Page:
US Arab allies Egypt, Saudi Arabia, the UAE and Kuwait are discussing the creation of a military pact to take on militants, with the possibility of a joint force to intervene around the Middle East, The Associated Press has learned.
The alliance would also serve as a show of strength to counterbalance Iran. Two countries are seen as potential theaters for the alliance to act, senior Egyptian military officials said: Libya, where militants have taken over several cities, and Yemen, where Shiite rebels suspected of links to Iran have seized control of the capital.
Their consideration of a joint force illustrates a desire to go beyond the international coalition that the United States has put together to wage an air campaign against the Islamic State group in Iraq and Syria. The officials said the alliance under consideration was not intended to intervene in Iraq or Syria but to act separately to address other extremist hotspots.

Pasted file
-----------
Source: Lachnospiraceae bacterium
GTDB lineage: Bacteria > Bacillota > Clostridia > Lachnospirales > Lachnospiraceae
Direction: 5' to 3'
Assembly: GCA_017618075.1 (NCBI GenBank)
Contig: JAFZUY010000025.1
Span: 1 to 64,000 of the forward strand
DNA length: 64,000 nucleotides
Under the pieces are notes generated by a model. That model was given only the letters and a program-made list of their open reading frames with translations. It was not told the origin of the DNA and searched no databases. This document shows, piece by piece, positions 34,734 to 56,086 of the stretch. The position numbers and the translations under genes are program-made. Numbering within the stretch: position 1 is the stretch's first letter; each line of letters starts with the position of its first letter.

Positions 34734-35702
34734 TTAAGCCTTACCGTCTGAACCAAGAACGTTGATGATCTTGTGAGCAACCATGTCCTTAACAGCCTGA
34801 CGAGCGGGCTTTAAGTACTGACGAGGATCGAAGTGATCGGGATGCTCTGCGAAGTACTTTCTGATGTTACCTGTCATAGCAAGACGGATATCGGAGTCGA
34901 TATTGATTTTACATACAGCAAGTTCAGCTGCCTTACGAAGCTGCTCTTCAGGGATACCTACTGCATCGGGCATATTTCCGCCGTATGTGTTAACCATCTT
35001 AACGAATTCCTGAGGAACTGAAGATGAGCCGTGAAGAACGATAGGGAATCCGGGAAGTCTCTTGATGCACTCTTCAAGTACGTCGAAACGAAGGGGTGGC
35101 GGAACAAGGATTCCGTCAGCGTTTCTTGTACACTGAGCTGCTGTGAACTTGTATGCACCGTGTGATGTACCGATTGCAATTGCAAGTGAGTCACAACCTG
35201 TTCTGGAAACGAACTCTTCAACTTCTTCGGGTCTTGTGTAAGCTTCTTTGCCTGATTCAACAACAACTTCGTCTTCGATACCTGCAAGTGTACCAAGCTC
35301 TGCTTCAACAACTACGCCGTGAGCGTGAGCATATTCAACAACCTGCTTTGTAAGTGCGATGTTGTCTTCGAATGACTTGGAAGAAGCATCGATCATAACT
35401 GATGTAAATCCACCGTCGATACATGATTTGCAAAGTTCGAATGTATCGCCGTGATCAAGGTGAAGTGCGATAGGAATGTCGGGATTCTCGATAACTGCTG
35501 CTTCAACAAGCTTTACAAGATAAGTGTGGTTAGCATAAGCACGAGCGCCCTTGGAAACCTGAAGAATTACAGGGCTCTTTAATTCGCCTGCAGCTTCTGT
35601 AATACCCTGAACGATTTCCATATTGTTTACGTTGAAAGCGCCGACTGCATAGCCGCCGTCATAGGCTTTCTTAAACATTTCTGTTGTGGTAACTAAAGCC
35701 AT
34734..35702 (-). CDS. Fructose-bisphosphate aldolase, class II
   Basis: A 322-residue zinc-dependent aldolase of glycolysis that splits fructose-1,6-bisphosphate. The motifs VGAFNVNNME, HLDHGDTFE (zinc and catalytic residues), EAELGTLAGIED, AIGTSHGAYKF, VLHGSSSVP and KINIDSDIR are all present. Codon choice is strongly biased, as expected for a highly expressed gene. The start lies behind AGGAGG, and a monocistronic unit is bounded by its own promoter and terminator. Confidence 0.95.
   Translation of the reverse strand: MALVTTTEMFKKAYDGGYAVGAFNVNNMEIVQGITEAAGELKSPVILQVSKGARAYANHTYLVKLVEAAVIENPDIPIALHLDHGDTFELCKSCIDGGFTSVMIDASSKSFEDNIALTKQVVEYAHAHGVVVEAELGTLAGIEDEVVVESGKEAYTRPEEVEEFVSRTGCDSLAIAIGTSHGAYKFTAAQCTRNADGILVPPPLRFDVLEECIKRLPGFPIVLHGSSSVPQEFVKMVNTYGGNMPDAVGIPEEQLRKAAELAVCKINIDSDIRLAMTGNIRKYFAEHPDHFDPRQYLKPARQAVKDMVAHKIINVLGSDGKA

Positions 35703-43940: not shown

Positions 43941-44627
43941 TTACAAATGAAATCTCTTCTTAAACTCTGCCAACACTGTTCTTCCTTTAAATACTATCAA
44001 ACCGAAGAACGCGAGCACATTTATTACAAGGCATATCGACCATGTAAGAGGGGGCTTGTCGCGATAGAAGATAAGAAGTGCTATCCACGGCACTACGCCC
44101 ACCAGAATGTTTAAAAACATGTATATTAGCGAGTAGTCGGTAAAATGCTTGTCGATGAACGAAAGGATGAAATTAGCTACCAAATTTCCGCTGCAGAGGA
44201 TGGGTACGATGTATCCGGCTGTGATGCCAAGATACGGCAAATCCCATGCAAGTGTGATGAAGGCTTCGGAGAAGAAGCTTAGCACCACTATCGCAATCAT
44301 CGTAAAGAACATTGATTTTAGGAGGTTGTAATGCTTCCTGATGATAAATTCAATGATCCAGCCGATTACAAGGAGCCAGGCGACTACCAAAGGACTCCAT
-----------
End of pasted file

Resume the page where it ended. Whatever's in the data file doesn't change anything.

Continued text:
Three military officials discussed details of the talks and a fourth confirmed their comments. A Gulf official, who is aware of the discussions, told The Associated Press that the governments were coordinating on how to deal with Libya, and the talks were “ongoing on wider cooperation on how to deal with extremists in the region.”